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Cracking The Whip

August 24, 2003

Cracking The Whip

When most people hear the word "whip" they think of a rider thrashing a horse’s flank, Harrison Ford’s heroics as Indiana Jones or a mean muscle-bound giant taking a cat o’nine tails to a prisoner’s back. If only it was that exciting!
At the end of June I was invited by the Conservative C…

Cracking The Whip

When most people hear the word "whip" they think of a rider thrashing a horse’s flank, Harrison Ford’s heroics as Indiana Jones or a mean muscle-bound giant taking a cat o’nine tails to a prisoner’s back. If only it was that exciting!

At the end of June I was invited by the Conservative Chief Whip to be an Opposition Whip and I was happy to accept the promotion. For the first time I found myself sitting on the Opposition "front bench". Two months later I have to smile when I think how different the reality of the job is from the foggy and sometimes fanciful notions I had back then.

Parliamentary debate may sometimes look like a street fight or a scrum but it is in fact highly organised and the Whips are the sheepdogs – hardworking collies – that keep it that way. The Tory flock is a hundred and sixty six strong and every day it must get through the gate, down the road and into the shed. Ten of us, working together as a team, nudge the leaders and nip the laggards to keep the pack moving from their offices to the floor of the House of Commons and back again. Now and then one breaks rank – and you’ll hear barking when that happens – but ordinarily Members pass through the voting lobbies and once done, run off back into their busy fields again.

We Whips have a communal office just a few yards away from the Chamber where we work out the herd movements that have to happen to keep the House of Commons’ wheels spinning. We decide in what order each of our MPs will speak during debates, the order of business in the days ahead and we remind our flocks (we look after about fifteen Members each) when votes are going to take place. When the division (voting) bells ring – day or night – and MPs hurry in we stand and point them to the correct lobby (basically a small box room) through which they pass to record their names and votes. We count up votes, double check them, confer with the Government Whips then walk forward to the Speaker’s chair to pass him the official count.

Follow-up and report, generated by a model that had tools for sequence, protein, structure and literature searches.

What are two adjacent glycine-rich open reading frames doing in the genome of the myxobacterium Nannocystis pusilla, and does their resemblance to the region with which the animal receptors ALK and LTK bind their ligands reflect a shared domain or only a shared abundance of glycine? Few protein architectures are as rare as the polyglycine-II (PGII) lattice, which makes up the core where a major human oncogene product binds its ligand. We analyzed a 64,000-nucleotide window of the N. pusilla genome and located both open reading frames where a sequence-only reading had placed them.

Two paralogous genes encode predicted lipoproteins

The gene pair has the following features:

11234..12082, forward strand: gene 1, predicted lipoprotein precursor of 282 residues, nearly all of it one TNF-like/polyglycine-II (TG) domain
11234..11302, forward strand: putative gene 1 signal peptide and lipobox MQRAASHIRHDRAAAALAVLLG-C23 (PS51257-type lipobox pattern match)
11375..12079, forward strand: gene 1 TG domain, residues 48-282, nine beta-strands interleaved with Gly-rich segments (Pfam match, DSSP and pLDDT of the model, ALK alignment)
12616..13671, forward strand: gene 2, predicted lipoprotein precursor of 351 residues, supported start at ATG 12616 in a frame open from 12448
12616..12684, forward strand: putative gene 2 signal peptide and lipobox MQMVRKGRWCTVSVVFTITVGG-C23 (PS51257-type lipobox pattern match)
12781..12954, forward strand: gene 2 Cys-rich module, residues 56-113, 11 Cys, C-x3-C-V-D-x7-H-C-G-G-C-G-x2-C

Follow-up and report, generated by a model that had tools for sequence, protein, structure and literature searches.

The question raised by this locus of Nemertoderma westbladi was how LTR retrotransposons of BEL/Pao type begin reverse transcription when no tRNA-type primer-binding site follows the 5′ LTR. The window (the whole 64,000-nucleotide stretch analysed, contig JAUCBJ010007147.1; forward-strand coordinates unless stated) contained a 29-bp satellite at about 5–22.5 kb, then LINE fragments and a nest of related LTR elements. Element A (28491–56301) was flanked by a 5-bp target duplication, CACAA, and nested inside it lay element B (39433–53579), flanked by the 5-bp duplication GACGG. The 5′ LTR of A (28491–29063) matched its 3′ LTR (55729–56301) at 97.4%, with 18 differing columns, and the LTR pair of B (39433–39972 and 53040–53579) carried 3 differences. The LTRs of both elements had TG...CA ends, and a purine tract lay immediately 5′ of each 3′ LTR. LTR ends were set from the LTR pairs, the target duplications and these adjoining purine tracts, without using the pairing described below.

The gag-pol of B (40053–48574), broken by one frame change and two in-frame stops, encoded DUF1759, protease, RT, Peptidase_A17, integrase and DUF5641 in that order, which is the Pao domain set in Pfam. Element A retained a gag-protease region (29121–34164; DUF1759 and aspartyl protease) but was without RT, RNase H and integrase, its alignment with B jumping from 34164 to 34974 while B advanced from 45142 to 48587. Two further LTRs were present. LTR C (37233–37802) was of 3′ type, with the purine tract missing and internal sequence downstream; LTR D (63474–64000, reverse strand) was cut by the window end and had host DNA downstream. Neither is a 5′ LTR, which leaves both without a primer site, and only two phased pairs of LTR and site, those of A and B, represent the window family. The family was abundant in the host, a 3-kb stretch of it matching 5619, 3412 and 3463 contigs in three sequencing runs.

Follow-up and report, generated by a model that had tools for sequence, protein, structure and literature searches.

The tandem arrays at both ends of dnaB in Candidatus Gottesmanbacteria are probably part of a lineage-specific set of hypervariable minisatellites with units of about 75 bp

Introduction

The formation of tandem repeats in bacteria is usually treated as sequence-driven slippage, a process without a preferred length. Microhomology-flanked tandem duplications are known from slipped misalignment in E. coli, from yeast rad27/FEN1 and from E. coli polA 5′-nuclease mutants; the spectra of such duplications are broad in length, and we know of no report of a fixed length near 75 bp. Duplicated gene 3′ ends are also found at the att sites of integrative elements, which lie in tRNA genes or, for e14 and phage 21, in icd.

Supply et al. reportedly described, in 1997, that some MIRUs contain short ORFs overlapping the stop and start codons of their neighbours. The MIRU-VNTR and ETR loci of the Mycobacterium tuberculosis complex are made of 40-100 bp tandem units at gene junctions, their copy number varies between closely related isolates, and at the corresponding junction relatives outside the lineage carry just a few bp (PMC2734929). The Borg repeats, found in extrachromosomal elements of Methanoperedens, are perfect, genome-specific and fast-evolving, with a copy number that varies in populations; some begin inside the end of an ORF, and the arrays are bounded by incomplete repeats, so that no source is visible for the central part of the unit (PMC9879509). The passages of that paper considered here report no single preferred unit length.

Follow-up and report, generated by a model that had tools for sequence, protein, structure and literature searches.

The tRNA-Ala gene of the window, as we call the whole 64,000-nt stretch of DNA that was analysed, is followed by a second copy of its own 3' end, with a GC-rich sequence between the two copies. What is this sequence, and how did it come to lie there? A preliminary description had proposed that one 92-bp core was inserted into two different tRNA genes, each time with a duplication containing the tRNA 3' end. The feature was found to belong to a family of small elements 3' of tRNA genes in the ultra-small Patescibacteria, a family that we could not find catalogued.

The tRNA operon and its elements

Parliament can only operate efficiently if people stick to what has been agreed. If someone is given ten minutes to speak but they ramble on for fifteen, someone else has to be cut short by a full five minutes. So in the Chamber and all of the various Committees, we take notes on proceedings.

We vote of course. We are Members after all, but generally we do not work on policy ourselves and we do not meet with or talk to the press, Those are jobs for people on the front line – those who have shadow ministerial posts or attachments to Government Departments. We’re the backroom boys.

Although we are in opposition, we Whips have to work very closely with the Government Whips to keep business moving and keep the Commons voting. We are also confidants, friendly ears and sounding boards. When someone wants to vote against the party line, it’s our job to try and pursuade them not to and to alert the party leadership. When someone takes a vacation or needs time off, we know first. When a Member has a special request – maybe to speak or to move a motion – we’re the people to ask.

All in all, it’s a job that is part sheepdog, part Sergeant Major and part school teacher. Either way it’s a lot of work but a lot of fun. More than anything it shows you the value of cohesion, teamwork and discipline without which Parliament would simply grind to a halt.